The county plans to ask state lawmakers this session to authorize a two-year pilot project that could involve closing a unit at the West Side jail, which now houses 2,630 inmates, well above its 2,236-bed capacity.
Deputy County Manager Tom Swisstack said he envisions taking hundreds of those inmates — perhaps 650 to 750 — and moving them instead into alternative programs based out of the old, vacant Downtown jail.
A judge would have to make the offenders eligible, and only those with non-violent backgrounds are expected to participate, he said. They could stay overnight at the jail and go to their jobs or treatment programs during the day under supervision by county caseworkers, Swisstack said.
Participants might not even sleep at the jail, he said. They would start out on ankle bracelets to track their location but could be eligible to have them taken off if they meet certain requirements, Swisstack said.
The Downtown jail wouldn’t feature traditional cells. If the offender needs a cell, he said, it’s not the right place for him or her to be kept.
The goal would be to get people with mental health, substance abuse and similar problems the help they need to stay out of trouble, or at least stay out of trouble longer, he said.
“I’m not talking about ‘get out of jail free,’ ” Swisstack told the Journal on Thursday.
Metropolitan Court judges have criticized previous efforts by the jail to reduce crowding, including the county’s community custody program, a type of house arrest under which inmates are monitored with electronic ankle bracelets.
Reached by telephone late Thursday, Chief Metro Judge Judith Nakamura said she hadn’t heard the specifics of the county’s latest proposal.
“I have heard some rumblings through others in the judiciary that the county had plans to launch some new programs, but I am not familiar with what they’re proposing,” Nakamura said. “I look forward to meeting with the county to hear what they’re proposing.”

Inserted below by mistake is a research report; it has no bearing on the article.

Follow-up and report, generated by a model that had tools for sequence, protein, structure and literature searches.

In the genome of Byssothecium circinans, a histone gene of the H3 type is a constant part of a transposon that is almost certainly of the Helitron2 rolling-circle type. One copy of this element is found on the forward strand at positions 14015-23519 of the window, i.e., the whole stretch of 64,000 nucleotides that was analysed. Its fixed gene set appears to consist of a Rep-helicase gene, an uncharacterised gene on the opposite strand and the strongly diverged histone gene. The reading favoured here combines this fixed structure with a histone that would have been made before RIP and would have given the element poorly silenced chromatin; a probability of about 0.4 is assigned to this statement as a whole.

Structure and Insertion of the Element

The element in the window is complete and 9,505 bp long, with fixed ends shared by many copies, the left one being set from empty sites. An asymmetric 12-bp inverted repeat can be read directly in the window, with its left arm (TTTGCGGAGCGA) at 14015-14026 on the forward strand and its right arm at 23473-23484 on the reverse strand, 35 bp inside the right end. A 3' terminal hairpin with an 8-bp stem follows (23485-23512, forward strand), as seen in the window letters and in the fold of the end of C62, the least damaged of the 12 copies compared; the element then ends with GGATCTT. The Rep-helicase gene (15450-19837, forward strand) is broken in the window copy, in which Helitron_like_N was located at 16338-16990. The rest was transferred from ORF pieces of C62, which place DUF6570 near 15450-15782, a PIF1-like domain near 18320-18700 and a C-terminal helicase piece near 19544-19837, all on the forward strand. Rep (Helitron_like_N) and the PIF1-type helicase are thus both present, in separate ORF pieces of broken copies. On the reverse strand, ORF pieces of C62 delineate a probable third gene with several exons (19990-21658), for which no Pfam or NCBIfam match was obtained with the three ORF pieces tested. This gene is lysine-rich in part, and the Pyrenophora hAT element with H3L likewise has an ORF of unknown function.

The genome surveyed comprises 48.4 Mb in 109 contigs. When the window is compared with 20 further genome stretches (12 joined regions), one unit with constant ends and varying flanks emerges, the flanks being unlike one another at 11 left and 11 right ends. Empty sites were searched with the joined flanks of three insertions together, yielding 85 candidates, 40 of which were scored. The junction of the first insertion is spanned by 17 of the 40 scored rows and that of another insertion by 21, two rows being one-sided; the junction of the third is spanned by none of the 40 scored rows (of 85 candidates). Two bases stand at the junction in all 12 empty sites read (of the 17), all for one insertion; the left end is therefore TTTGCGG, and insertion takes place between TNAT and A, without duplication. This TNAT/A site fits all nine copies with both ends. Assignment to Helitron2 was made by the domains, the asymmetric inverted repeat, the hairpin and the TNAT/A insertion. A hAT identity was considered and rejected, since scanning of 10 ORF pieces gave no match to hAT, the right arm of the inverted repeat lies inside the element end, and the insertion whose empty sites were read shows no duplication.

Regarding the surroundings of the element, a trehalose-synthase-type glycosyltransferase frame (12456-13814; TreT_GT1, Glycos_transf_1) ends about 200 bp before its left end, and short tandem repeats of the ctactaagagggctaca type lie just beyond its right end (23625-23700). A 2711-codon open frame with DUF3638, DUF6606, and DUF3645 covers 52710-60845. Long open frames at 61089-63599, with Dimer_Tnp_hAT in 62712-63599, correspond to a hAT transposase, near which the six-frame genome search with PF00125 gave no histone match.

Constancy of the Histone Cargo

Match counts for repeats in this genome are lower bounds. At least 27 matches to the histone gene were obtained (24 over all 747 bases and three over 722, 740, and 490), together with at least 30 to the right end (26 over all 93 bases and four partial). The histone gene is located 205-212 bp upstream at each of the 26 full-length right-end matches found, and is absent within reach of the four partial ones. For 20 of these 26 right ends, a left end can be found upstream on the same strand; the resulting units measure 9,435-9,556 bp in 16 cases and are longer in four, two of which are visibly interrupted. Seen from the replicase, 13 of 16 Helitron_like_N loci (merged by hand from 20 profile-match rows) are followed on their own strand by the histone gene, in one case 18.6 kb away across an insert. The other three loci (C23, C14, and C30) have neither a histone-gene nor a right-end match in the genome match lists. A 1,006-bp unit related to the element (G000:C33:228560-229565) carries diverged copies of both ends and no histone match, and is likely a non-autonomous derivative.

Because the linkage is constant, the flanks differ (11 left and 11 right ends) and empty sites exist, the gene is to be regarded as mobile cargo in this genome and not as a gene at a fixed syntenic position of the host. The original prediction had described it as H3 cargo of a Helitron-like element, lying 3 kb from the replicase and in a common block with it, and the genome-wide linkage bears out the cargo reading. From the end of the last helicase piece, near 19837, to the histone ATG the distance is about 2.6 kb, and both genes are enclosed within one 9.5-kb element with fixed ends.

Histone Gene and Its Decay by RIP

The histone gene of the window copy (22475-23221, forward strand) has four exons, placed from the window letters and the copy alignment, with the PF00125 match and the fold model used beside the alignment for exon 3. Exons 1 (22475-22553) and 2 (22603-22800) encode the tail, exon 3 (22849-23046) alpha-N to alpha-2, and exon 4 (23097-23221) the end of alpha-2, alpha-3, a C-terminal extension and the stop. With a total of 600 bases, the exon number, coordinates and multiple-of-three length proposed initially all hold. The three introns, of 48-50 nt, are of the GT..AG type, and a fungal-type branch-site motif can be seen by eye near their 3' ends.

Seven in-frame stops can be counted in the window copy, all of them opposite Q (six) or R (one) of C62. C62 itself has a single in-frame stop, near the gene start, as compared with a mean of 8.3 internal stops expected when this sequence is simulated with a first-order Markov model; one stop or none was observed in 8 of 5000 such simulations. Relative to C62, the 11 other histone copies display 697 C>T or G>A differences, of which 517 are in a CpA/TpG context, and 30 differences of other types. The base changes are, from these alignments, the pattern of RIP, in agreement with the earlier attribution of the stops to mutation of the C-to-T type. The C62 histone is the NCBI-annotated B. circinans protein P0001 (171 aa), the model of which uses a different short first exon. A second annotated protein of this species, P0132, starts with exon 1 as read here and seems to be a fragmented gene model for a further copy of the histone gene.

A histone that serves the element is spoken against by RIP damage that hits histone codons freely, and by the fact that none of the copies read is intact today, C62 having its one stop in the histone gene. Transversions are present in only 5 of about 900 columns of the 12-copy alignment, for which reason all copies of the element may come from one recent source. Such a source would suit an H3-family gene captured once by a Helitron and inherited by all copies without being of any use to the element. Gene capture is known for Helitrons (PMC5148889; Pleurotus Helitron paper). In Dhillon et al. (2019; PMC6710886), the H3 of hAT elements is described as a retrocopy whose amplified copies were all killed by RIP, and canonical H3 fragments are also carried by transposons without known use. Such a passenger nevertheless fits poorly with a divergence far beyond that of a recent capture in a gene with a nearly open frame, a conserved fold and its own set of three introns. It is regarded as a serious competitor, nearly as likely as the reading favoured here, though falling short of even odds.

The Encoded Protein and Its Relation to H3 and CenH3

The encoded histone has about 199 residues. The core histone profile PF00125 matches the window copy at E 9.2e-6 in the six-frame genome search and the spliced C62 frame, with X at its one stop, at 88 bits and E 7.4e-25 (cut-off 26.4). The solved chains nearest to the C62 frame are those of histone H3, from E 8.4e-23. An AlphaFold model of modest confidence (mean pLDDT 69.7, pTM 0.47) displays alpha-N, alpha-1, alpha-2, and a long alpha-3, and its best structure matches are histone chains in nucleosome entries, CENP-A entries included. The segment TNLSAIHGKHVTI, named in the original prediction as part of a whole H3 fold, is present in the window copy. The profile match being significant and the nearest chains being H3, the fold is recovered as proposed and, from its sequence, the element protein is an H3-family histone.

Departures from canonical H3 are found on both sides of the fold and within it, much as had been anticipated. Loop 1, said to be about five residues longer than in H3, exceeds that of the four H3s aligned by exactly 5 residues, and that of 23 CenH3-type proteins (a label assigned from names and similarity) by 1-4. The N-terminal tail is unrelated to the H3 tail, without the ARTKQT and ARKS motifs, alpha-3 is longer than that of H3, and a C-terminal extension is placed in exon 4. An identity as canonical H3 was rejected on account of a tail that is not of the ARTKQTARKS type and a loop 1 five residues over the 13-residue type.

Nakamura was a vocal critic of the way the Community Custody Program was run. The judge suspended Metro Court’s involvement with the program in 2010 after one of its officials was arrested on bribery charges.
Nakamura has long contended that judges’ primary concern is public safety, not jail overcrowding.
Reducing the West Side jail population so dramatically would be a major change, but Swisstack said similar reforms in the juvenile detention system have worked, making the county a model for others around the country.
He said he would need not only approval from the state Legislature and County Commission, but also support from judges, prosecutors, hospitals and others. County lobbyists will seek about $5 million in state funds to renovate the old jail.
Shutting down a unit at the West Side jail would provide extra staffing to the rest of the facility, Swisstack said. Some corrections officers from the closed unit would move to other pods, reducing the number of inmates each officer must supervise.
Those ratios — now one-to-97 — are far out of line with other big correctional institutions, he said.
Other officers from the closed unit would become case managers at the newly renovated Downtown center, where the county hopes hospitals and nonprofit groups will set up offices.
The status quo isn’t pretty, county officials said. Without reforms, the county faces the prospect of having to build another $30 million wing to the main jail and/or pay $14 million a year to ship inmates to out-of-state detention centers.
The jail system is already mired in a long-running federal lawsuit over its crowded conditions.
These reforms are “the only real answer over a period of time that’s going to pay dividends to elected officials and taxpayers,” Swisstack said.
County Commissioner Maggie Hart Stebbins has voiced her support of the plan.